Little Rock Culture Vulture

Cultural events, places and people in the Little Rock area

Little Rock Look Back: Pulaski Heights City Council first meeting

On September 28, 1905, the first meeting of the Pulaski Heights City Council took place.  The newly elected Mayor was J. H. Joslyn, the Recorder was F. D. Leaming, and new Alderman present were E. E. Moss, Maxwell Coffin and C. C. Thompson.  Pulaski Heights had been incorporated on August 1, 1905.  At that time its population was estimated at between 300 and 400.

The first ordinance, which was offered by E. E. Moss, was to set a tax rate and give the City the ability to levy taxes.  Next was a motion to establish a committee to establish rules and procedures for the council. The final business before the Council was to allow the Recorder to order stationary, a seal and a record book (that record book is now in the vault at Little Rock City Hall).

The next meeting would be October 28.  At that meeting, two other Aldermen are mentioned in the minutes (Fauble and Paul) but were absent from that meeting as well.  Mr. C. M. Fauble was present at the third meeting.  Mr. R. O. Paul did not appear until the fifth meeting (December 13, 1905).

Interestingly the Recorder had a vote in the Council meetings (which was not a practice in the City of Little Rock at the time).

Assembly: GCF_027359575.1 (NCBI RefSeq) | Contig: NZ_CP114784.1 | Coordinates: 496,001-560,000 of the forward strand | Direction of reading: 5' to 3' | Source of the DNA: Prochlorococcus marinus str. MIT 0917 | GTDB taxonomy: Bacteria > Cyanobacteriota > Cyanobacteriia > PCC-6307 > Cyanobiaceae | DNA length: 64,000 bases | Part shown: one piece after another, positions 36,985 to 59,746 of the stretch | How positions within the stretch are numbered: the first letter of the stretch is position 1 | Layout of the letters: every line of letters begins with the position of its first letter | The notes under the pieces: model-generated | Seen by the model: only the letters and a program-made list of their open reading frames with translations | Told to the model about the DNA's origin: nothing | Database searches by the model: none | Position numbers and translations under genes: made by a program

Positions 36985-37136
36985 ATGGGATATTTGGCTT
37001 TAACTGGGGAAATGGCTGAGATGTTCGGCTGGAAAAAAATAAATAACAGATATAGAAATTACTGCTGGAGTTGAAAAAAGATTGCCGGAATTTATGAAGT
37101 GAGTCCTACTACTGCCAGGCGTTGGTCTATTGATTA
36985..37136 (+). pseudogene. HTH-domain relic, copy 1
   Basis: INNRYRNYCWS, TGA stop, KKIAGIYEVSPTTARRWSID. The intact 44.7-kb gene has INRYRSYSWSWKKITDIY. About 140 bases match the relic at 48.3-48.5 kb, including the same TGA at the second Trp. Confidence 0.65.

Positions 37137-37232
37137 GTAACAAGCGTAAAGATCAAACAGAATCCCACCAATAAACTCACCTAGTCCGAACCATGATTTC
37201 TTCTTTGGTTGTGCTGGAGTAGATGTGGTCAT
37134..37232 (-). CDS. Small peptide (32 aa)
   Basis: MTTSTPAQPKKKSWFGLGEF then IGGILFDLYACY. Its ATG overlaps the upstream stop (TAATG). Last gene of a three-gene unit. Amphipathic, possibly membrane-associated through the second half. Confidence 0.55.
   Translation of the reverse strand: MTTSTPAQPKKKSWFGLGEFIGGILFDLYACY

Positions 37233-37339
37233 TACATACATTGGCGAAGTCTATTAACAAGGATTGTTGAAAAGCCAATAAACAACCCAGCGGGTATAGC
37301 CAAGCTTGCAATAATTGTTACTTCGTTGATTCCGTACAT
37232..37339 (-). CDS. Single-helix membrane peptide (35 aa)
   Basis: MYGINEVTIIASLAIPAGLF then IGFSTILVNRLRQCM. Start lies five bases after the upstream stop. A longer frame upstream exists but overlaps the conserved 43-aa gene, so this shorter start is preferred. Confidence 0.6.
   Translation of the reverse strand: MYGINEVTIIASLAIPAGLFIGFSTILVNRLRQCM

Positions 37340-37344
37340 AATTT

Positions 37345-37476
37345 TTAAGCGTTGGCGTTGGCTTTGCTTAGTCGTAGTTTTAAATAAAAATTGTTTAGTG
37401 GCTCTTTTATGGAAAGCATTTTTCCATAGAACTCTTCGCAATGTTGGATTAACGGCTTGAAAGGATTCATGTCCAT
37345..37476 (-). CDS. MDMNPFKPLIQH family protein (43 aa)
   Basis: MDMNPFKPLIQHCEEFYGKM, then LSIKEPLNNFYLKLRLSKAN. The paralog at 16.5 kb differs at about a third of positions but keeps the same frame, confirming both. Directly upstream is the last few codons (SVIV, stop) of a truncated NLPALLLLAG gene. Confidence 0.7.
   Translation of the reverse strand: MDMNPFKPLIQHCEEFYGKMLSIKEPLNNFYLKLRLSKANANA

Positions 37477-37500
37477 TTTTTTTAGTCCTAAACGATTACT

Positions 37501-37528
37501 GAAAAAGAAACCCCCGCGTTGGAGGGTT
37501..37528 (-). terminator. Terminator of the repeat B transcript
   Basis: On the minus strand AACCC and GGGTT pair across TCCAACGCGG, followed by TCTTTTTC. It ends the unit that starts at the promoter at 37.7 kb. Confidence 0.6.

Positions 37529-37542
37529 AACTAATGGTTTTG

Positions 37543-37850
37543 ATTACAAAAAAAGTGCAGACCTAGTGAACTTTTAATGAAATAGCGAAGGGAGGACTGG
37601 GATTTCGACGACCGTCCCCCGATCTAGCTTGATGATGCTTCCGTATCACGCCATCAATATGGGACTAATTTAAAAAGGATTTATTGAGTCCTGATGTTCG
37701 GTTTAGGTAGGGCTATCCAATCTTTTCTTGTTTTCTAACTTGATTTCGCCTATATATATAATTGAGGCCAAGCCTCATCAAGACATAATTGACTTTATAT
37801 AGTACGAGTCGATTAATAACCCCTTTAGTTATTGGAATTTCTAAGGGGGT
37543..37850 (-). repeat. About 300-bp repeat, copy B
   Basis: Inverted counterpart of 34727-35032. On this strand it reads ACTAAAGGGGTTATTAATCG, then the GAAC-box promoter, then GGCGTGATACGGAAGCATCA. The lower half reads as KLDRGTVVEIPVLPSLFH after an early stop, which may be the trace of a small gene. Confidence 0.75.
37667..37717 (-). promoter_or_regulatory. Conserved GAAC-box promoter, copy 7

The Council did not have a permanent meeting place until the third meeting.  At that point in time, they used space in the offices of Dr. Hockersmith.  They later met in a building which is now part of the Pulaski Heights Baptist Church campus.

Pulaski Heights was a separate City until January 1916.  On January 4, 1916, Little Rock voters approved the annexation of Pulaski Heights by a ten-to-one margin, and the suburb became the city’s ninth ward. This established a couple of precedents for the City of Little Rock which are in effect to this day.  The first is that Little Rock would not be a central city surrounded by a variety of small incorporated towns (in the manner that St. Louis and other cities are).  It was this thought process which has led the City to continue to annex properties.

In addition, this move to annex Pulaski Heights was the first time that the City grew toward the west.  Previous growth had been to the south.  By emphasizing western expansion, this has allowed Little Rock to continue to grow.

Advertisements

Author: Scott

A cultural thinker with a life long interest in the arts and humanities: theatre, music, architecture, photography, history, urban planning, etc.

Comments are closed.